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Even More on Presidential Self-Pardons
Michael Ramsey

Paul J. Larkin, Jr. (The Heritage Foundation) has posted The Legality of Presidential Self-Pardons (30 pages) on SSRN.  Here is the abstract:

The traditional understanding of the Article II Pardon Clause is that the President may grant clemency to anyone who has committed a federal offense. Yet, a question exists whether that “anyone” includes the President. The issue has arisen on three occasions: in the 1970s, when President Richard Nixon was under investigation for his involvement in crimes associated with Watergate; in the 1980s, when the Iran-Contra Investigation raised the question whether President George H.W. Bush knew about an illegal arms-for-hostages arrangement; and more recently when President Donald Trump publicly stated that he had the legal authority to pardon himself to end a Department of Justice investigation into Russia’s involvement in the 2016 presidential election. No court has ruled on the legitimacy of a presidential self-pardon, and commentators have disagreed over the issue. In my opinion, the Article II Pardon Clause allows the President to pardon himself, but the Article I Impeachment and Removal Clauses permits Congress to remove the President for doing so.

Clemency was a prerogative of the English Crown. The King’s grant of a pardon was conclusive and not subject to revision by Parliament or the English courts. The Pardon Clause reflects the prerogative nature of that power. Its text contains only two restrictions—one limiting clemency to federal offenses, the other denying the President the ability to halt impeachment proceedings—and neither one prevents self-pardons. Supreme Court case law does not justify creating a self-pardon exception. As interpreted by the Court, the Pardon Clause is the last surviving remnant of the royal prerogatives. To be sure, the Take Care Clause imposes a fiduciary obligation on a President, one comparable to the obligation borne by a private trustee, to act in the best interests of his client—the public—and a President can breach that duty by excusing himself from criminal liability. But the Impeachment and Removal Clauses provide the appropriate remedy for any abuse of presidential authority, including any misuse of the pardon power. That conclusion will not satisfy anyone who believes that there must be a judicial remedy available for every wrong, but it is the best reading of the text of our Constitution.

I think he needs to deal with the "grant" argument, however.

In the Washington Post, former judge J. Michael Luttig reaches the opposite conclusion, without relying on the "grant" argument: No, President Trump can't pardon himself.  (Via Jonathan Adler at Volokh Conspiracy).  From the core of the argument: 

So why is it clear that the president lacks the power to pardon himself? There are three reasons. The language of the pardon power itself is ambiguous in the face of a constitutional expectation of clarity if the Framers intended to invest the president with such extraordinary power—a power in the sovereign that was little known to the Framers, if known at all.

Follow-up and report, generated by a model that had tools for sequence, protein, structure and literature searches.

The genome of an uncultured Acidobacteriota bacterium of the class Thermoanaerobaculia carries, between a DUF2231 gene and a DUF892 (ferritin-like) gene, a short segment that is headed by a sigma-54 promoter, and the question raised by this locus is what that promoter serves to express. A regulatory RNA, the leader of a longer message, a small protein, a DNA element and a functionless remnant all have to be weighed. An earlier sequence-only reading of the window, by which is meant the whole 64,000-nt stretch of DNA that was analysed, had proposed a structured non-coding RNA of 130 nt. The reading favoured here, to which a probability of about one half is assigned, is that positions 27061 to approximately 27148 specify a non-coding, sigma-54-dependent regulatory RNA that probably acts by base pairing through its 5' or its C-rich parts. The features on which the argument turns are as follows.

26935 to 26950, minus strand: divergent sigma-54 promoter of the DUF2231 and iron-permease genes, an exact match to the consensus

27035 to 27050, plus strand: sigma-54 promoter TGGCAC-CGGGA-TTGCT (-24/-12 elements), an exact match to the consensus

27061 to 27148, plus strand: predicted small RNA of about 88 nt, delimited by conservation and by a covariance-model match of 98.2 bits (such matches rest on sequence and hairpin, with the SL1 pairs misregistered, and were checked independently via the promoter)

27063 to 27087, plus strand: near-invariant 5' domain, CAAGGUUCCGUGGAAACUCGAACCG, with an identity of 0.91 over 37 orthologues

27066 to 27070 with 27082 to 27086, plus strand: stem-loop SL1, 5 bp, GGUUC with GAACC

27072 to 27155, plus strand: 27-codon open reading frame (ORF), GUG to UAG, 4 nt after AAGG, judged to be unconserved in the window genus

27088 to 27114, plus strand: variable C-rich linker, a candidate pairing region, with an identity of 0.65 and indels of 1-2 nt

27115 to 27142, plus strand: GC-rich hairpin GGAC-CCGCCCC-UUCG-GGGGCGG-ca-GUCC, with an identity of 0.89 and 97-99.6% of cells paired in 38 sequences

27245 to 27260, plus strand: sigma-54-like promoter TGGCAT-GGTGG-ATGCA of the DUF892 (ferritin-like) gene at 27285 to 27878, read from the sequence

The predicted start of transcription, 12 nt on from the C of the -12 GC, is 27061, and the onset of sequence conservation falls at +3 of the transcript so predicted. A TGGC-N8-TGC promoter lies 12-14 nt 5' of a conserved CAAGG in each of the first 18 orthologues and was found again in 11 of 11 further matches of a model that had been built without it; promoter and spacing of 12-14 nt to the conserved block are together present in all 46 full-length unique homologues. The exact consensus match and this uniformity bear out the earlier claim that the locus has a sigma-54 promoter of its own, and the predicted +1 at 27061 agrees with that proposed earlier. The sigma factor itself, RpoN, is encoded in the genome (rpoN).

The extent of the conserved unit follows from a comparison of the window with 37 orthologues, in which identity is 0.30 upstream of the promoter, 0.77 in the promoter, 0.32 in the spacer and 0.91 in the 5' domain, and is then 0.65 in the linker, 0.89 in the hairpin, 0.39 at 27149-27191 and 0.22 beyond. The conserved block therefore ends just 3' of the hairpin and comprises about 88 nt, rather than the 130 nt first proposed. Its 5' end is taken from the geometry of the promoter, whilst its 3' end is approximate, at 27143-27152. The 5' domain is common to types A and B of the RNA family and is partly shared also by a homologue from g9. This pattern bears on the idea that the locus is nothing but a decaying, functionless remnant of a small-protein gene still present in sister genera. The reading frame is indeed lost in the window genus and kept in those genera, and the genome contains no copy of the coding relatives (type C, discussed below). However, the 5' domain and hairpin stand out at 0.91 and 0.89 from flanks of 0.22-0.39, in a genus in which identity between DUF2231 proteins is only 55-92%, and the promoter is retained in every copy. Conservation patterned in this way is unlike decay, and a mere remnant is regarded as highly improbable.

Second, the Framers clearly contemplated in the impeachment provisions of the Constitution that the president would not be able to violate the criminal laws with impunity. There, without so much as a hint of a president's power to avoid criminal liability through self-pardon, they provided that even "in Cases of Impeachment," for which the president can only be removed and disqualified from holding high federal office, "the party convicted shall nevertheless be liable and subject to Indictment, Trial, Judgment and Punishment, according to Law."

And last, but not least, a power in the president to pardon himself for any and all crimes against the United States he committed would grievously offend the animating constitutional principle that no man, not even the president, is above and beyond the law.

Though I'm sympathetic to Judge Luttig's bottom line, I find all of these arguments unpersuasive.  As to the first, unless one relies on the "grant" argument, the language of the pardon power is actually pretty clear, as Paul Larkin argues in the article linked above.  Judge Luttig's second argument would seem to exclude not just the President but all executive and judicial officers from the pardon power, which is surely wrong (at least, contrary to the way it's always been read).  And the third argument seems little more than a fancy way of saying he thinks it's a bad idea.

Here's an argument that may be more persuasive.  People of the founding era -- and especially anti-federalists such as Patrick Henry and George Mason -- were particularly concerned about the Constitution's powerful presidency.  One of the worries, expressed at the drafting convention and in the ratification debates, was that the pardon power would allow the President to shield his cronies from criminal liability.  But (so far as I'm aware), no one expressed a concern that a criminal President could pardon himself.  If that had been a plausible reading of the text at the time, it seems highly likely that Henry, Mason, etc. would have made it a central objection.  After all, if one thinks the President's power to pardon his cronies is a problem, surely the President's power to pardon himself would be an even greater problem.  Their failure to make this point suggests an assumption at the time that the text did not give the President this power.